beetkvassBeet kvass may be one of the most beautiful lacto-fermented drinks that I make at home.  Deep purple and slightly effervescent, some claim that beet kvass cleanses the blood, detoxifies the liver, and supports kidney health.  I have even heard that kvass pulls heavy metals from our bodies.  I’m not able to make any of those claims, but I certainly feel pretty good when I am drinking beet kvass regularly.  So I simply trust my own experience.

Beet kvass is also very simple, only made with four ingredients: beets, salt, water, and whey.  And when each ingredient is the best quality, you don’t need complicated recipes.  The simple blending of these four items with a little time on the counter can provide your body with needed electrolytes, vitamins, probiotics, and well-being.

I like to make my beet kvass with more whey and less salt.  I find that the lacto-fermentation process still works very well, but I don’t get an overly salty kvass in the end.  The whey also helps keep the fizziness in the kvass at the perfect level.  In Nourishing Traditions you can find a beet kvass recipe on page 610 (buy Nourishing Traditions here). The standard recipe is only a 1/4 cup of whey and more salt.  You can try it that way as well, but I have tried several combinations and I am sharing my favorite!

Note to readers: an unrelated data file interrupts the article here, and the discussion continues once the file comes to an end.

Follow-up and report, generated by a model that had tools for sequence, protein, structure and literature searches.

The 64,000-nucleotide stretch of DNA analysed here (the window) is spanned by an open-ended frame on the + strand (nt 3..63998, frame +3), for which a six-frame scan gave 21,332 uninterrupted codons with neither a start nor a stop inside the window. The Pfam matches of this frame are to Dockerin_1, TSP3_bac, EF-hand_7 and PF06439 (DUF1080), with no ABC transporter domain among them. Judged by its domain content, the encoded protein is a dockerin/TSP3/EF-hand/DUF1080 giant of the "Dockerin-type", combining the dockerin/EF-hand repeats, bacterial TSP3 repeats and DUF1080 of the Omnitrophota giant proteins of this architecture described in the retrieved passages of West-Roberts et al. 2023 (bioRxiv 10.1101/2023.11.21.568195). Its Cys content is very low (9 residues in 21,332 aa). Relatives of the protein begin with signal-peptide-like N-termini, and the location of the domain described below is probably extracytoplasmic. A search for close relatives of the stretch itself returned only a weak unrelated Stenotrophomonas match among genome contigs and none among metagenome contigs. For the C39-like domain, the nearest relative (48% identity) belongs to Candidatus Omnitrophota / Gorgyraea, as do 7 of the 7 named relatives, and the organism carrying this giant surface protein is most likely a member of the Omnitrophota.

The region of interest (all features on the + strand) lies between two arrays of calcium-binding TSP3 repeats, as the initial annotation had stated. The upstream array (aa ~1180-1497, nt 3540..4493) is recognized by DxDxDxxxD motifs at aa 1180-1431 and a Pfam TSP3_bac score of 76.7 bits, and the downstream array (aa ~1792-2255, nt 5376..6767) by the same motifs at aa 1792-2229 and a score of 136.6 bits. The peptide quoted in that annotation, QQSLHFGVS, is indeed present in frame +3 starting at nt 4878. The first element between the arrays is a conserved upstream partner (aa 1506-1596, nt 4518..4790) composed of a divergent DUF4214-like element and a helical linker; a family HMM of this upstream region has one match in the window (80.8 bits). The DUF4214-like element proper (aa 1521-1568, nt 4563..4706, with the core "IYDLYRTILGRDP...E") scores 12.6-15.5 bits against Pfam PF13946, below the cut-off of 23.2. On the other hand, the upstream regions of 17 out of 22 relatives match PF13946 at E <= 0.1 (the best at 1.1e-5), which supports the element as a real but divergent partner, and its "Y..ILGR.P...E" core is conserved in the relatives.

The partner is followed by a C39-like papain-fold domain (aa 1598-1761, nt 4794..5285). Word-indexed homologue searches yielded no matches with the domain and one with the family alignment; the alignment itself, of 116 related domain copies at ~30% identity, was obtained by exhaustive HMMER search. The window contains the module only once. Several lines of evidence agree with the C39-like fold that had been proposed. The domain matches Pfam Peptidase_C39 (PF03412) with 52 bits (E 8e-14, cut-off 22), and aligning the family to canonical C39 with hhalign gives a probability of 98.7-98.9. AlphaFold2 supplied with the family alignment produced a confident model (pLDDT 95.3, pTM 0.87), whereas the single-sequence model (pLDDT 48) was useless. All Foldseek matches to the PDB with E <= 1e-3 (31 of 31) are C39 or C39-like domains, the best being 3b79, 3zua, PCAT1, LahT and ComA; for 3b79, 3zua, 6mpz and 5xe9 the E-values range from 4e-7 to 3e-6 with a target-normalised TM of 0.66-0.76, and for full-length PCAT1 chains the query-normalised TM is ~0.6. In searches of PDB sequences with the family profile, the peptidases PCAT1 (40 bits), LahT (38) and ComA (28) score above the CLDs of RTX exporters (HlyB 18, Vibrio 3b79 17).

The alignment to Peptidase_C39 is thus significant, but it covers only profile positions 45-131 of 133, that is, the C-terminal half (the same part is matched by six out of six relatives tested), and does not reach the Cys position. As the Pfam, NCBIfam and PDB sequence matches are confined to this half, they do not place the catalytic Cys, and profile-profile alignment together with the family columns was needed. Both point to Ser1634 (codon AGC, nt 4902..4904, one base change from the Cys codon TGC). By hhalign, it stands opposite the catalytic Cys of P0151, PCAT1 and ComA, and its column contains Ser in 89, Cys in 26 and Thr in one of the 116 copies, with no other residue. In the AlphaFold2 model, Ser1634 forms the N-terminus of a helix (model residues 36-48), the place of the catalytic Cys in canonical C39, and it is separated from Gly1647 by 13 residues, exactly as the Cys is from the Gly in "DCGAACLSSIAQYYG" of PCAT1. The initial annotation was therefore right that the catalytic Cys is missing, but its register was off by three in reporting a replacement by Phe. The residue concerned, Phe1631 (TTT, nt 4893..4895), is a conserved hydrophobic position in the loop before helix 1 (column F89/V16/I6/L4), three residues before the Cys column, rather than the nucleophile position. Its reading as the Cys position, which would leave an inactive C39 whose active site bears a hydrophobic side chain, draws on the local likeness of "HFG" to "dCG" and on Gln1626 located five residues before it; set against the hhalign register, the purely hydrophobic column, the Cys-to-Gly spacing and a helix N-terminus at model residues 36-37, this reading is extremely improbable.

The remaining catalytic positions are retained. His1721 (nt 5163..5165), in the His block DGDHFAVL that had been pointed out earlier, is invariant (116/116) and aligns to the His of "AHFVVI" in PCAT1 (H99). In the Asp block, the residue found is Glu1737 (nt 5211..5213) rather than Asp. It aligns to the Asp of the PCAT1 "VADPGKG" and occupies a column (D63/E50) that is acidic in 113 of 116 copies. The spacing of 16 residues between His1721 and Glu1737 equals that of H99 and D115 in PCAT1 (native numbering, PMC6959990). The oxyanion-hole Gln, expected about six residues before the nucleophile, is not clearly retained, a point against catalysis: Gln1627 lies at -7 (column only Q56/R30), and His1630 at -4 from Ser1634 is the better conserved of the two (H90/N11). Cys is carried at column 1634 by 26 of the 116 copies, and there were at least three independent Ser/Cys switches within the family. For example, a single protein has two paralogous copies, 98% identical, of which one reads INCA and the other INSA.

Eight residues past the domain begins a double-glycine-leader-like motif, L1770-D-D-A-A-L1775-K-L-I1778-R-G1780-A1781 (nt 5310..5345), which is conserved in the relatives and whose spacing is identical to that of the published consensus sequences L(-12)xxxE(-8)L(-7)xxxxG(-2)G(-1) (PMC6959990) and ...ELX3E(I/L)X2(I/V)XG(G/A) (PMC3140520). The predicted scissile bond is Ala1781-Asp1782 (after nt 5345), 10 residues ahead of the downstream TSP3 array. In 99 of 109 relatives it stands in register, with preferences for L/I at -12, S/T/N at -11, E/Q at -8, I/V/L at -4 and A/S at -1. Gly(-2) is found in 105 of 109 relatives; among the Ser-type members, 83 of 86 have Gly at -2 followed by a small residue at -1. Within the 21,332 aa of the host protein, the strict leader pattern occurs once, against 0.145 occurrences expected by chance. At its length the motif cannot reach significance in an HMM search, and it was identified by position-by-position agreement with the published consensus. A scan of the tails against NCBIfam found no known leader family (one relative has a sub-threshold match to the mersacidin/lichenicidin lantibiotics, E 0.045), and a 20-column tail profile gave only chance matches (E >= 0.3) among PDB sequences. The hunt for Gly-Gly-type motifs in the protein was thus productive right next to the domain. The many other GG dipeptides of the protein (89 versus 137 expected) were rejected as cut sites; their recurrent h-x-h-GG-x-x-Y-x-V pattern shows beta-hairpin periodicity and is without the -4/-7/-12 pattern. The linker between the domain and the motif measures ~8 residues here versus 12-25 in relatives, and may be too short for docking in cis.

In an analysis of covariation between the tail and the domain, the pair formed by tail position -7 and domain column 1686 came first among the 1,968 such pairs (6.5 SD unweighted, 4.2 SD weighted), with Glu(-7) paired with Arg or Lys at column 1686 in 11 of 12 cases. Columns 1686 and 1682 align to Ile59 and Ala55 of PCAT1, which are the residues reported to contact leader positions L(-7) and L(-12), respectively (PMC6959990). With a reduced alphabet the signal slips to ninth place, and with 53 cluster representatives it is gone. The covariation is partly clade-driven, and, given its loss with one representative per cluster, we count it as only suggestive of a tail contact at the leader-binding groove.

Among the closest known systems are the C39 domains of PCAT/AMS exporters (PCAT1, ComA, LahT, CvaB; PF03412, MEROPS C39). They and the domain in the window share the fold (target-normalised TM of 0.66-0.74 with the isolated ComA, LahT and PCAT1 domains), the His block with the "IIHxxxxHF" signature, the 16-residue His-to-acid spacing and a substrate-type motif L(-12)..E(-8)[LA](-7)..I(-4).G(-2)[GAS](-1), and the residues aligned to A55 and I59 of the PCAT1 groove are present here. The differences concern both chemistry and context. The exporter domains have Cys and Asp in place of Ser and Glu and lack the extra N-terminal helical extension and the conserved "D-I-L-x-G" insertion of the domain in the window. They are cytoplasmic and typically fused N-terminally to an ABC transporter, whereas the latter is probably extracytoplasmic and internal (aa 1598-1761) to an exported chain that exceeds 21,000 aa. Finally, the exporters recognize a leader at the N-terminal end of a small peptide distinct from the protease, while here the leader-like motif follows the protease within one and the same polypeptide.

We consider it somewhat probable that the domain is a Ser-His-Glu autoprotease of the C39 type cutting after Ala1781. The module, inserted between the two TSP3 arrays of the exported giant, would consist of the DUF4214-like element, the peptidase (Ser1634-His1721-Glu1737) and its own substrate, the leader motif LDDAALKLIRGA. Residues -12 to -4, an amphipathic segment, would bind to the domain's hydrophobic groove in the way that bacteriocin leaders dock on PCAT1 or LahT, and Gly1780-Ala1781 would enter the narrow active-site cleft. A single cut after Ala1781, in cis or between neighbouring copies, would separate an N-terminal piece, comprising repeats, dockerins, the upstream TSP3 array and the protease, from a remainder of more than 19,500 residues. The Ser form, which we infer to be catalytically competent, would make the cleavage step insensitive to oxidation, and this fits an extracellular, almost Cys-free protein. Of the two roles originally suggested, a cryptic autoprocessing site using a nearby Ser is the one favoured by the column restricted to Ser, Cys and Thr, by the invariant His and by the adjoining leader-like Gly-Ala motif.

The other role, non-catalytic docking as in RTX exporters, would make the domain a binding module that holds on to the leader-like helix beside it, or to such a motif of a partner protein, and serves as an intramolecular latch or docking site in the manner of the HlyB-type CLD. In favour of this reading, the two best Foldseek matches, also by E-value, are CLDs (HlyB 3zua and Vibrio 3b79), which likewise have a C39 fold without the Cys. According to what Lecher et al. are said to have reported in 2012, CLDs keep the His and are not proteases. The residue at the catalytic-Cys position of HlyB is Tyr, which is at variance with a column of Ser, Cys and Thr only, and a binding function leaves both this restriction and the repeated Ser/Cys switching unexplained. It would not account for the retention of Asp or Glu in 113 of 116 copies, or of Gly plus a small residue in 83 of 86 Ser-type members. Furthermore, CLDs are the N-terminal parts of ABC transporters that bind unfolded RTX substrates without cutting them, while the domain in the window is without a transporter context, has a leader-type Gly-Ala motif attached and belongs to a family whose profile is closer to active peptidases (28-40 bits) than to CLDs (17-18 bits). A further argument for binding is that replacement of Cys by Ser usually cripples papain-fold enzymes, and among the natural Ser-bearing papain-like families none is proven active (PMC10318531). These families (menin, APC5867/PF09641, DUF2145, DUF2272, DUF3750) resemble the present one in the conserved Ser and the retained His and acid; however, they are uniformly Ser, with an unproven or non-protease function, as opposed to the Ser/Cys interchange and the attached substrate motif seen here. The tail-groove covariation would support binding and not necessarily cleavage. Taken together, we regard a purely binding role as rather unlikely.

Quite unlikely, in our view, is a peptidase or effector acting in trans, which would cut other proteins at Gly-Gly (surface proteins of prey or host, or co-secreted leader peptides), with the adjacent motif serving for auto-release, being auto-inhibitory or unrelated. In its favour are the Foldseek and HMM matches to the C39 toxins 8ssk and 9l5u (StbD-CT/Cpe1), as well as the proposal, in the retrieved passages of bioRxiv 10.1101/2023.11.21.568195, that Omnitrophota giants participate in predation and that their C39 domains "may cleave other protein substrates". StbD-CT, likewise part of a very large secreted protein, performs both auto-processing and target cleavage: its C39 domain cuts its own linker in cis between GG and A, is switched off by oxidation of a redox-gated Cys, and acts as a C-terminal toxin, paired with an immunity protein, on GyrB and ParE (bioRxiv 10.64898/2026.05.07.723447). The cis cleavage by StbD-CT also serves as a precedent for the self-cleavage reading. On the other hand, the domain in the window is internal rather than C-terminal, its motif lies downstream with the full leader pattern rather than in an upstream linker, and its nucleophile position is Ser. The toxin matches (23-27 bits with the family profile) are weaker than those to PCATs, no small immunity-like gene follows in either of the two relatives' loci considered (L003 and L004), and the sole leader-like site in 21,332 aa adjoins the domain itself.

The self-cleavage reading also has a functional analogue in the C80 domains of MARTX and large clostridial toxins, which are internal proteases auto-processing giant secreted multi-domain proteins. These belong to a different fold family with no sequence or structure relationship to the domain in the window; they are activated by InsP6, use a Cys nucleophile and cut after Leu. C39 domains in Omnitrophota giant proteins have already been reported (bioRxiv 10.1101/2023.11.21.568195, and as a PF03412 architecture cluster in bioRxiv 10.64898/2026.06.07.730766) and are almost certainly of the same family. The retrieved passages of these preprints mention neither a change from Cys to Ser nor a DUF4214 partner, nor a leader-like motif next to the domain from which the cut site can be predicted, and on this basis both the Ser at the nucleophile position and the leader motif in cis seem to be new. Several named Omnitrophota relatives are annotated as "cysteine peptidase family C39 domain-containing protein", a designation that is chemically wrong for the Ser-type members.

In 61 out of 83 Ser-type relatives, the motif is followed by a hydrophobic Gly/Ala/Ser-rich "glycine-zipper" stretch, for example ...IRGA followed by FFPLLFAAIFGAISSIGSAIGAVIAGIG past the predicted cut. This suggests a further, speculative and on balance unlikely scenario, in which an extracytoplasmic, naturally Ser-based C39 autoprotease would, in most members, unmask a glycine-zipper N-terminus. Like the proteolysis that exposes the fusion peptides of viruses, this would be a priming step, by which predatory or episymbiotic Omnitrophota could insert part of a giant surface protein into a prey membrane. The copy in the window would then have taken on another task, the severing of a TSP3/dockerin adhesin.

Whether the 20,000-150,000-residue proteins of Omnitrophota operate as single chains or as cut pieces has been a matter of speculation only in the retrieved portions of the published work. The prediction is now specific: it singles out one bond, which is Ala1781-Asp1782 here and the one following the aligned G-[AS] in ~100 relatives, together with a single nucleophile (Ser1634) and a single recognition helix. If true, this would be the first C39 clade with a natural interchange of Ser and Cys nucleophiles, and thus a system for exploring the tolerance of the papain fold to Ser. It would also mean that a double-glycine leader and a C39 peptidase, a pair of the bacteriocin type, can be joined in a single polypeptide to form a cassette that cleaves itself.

You will need a few items beforehand if you want to make beet kvass.  These are fairly simple to find, and will come in handy not just for making kvass, but other lacto-ferments you may want to give a try.  For example, most of these items are used in my tutorial for how to make water kefir.

The only thing you may have trouble finding or making is whey.  But if you already buy raw milk it’s simple to make: you simply leave your milk out at room temperature, covered, and let it separate.  Then when you let the solids drain through a sieve, the liquid that drips off is whey.  Separated milk is about half whey and half curds, so a gallon of milk would give you a half a gallon of whey.